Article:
Help us keep this a respectfully Foolish area! This is a place for our readers to discuss, debate, and learn more about the Foolish investing topic you read about above. Help us keep it clean and safe. If you believe a comment is abusive or otherwise violates our Fool's Rules, please report it via the Report this Comment Report this Comment icon found on every comment.

  • Report this Comment On February 01, 2012, at 2:01 PM, leonhart03 wrote:

    Well put!

  • Report this Comment On February 01, 2012, at 2:03 PM, titus77 wrote:

    I like this article 40% more than the last article I read.

  • Report this Comment On February 01, 2012, at 2:12 PM, marv08 wrote:

    "If we had an actual number -- instead of some third-party estimate -- it would be easier to visualize why margins are so crummy."

    While you did write that up very nicely, I do not think it makes much sense...

    Amazon always had poor margins, their business has always been "buying market share" and "destroying small and medium businesses that try to sell something while replacing properly trained and knowledgable sales staff with warehouse workers".

    Now they have added products that are sold at a loss and might create some returns in content sales (as consuming Amazon media is really the only thing they do properly)... A short glance at the content sales figures (outside of Apple's customer base, which buys a lot) reveals that the average consumer might buy 1-2 books and less than 10 tracks per year. The result is, tadaa, a very small profit, if any. I do not need a single sales figure to figure that out.

  • Report this Comment On February 01, 2012, at 2:15 PM, bugnuts wrote:

    Amazon's press release was the longest laundry list of useless information I've seen in quite some time.

    It gives one the impression - rightly or wrongly - management isn't being forthright.

  • Report this Comment On February 01, 2012, at 2:18 PM, Thuddd wrote:

    Why should Amazon give their kindle fire numbers? It's not like the market is going to punish them for this omission.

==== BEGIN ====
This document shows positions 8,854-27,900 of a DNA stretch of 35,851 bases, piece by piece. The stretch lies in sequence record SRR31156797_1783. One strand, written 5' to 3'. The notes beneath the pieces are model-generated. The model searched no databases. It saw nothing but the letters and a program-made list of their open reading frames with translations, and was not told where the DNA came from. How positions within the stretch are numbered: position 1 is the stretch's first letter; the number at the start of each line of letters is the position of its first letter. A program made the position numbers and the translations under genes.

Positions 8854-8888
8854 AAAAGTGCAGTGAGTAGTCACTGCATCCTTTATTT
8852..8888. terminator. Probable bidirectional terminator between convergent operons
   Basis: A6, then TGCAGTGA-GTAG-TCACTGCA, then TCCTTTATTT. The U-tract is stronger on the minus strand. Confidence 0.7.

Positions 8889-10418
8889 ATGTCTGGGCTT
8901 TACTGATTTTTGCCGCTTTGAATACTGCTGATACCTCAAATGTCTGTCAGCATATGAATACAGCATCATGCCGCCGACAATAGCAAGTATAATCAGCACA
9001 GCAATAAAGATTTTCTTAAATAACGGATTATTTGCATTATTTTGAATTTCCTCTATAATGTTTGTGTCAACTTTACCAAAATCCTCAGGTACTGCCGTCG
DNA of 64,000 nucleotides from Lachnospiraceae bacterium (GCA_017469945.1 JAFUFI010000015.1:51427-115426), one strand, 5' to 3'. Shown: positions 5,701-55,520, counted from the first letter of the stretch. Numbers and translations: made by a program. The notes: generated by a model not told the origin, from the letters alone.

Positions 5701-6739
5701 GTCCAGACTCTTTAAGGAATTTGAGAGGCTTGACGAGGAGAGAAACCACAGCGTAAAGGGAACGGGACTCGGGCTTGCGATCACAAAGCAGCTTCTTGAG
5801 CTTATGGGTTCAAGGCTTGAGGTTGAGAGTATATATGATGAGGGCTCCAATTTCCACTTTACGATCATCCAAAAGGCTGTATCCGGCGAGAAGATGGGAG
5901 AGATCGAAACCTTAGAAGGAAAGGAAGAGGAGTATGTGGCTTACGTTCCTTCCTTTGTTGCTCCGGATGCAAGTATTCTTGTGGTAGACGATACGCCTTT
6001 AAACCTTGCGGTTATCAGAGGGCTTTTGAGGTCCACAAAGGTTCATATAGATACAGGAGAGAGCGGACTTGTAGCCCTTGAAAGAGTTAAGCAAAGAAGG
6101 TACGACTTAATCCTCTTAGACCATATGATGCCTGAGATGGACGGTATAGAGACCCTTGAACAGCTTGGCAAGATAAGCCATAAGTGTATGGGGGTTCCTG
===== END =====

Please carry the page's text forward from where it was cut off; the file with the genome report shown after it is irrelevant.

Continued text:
I predict that the Motley Fool will publish 2-5 Amazon Atta-boy stories a week, no matter how obtuse the company's behavior or how laughable their earnings numbers are, relative to their valuation.

    Amazon's price will rise again, with accolades from all, especially the Fool. Amazing.

  • Report this Comment On February 01, 2012, at 3:04 PM, PhulishMortal wrote:

    Bezos: I ate twice as many spring rolls as I did yesterday.

    You: Interesting. How many spring rolls did you eat yesterday?

    Bezos: A lot.

    I laughed out loud in my office at that.

  • Report this Comment On February 01, 2012, at 3:19 PM, lucasmonger wrote:

    My guess is that the number is lower than the 4-6M units that analysts are guessing. If the numbers were anywhere near good, Amazon should have reported them, but imagine what the stock drop would have been if they said they sold 1-2M?

  • Report this Comment On February 01, 2012, at 3:26 PM, EGTalbot wrote:

    Thudd is right - Amazon absolutely doesn't care. Lack of numbers isn't going to hurt them. Yeah, I'd love to see the numbers too.

    Amazon considers numbers of any sort to be proprietary data it can mine to further maximize how sticky it can make customers. Use of data to get more retail customers buying more is something Amazon does better than any company on the planet.

    They aren't going to share those numbers, even if we think withholding them doesn't provide any advantage. All data potentially has value, and Amazon won't give it away for free unless it is forced to or they see a specific advantage in doing so.

    Disclosure - I have no equity positions in Amazon, but I do generate income from selling through them.

  • Report this Comment On February 02, 2012, at 11:37 AM, qazey wrote:

    I think that will put to much of a focus on short term.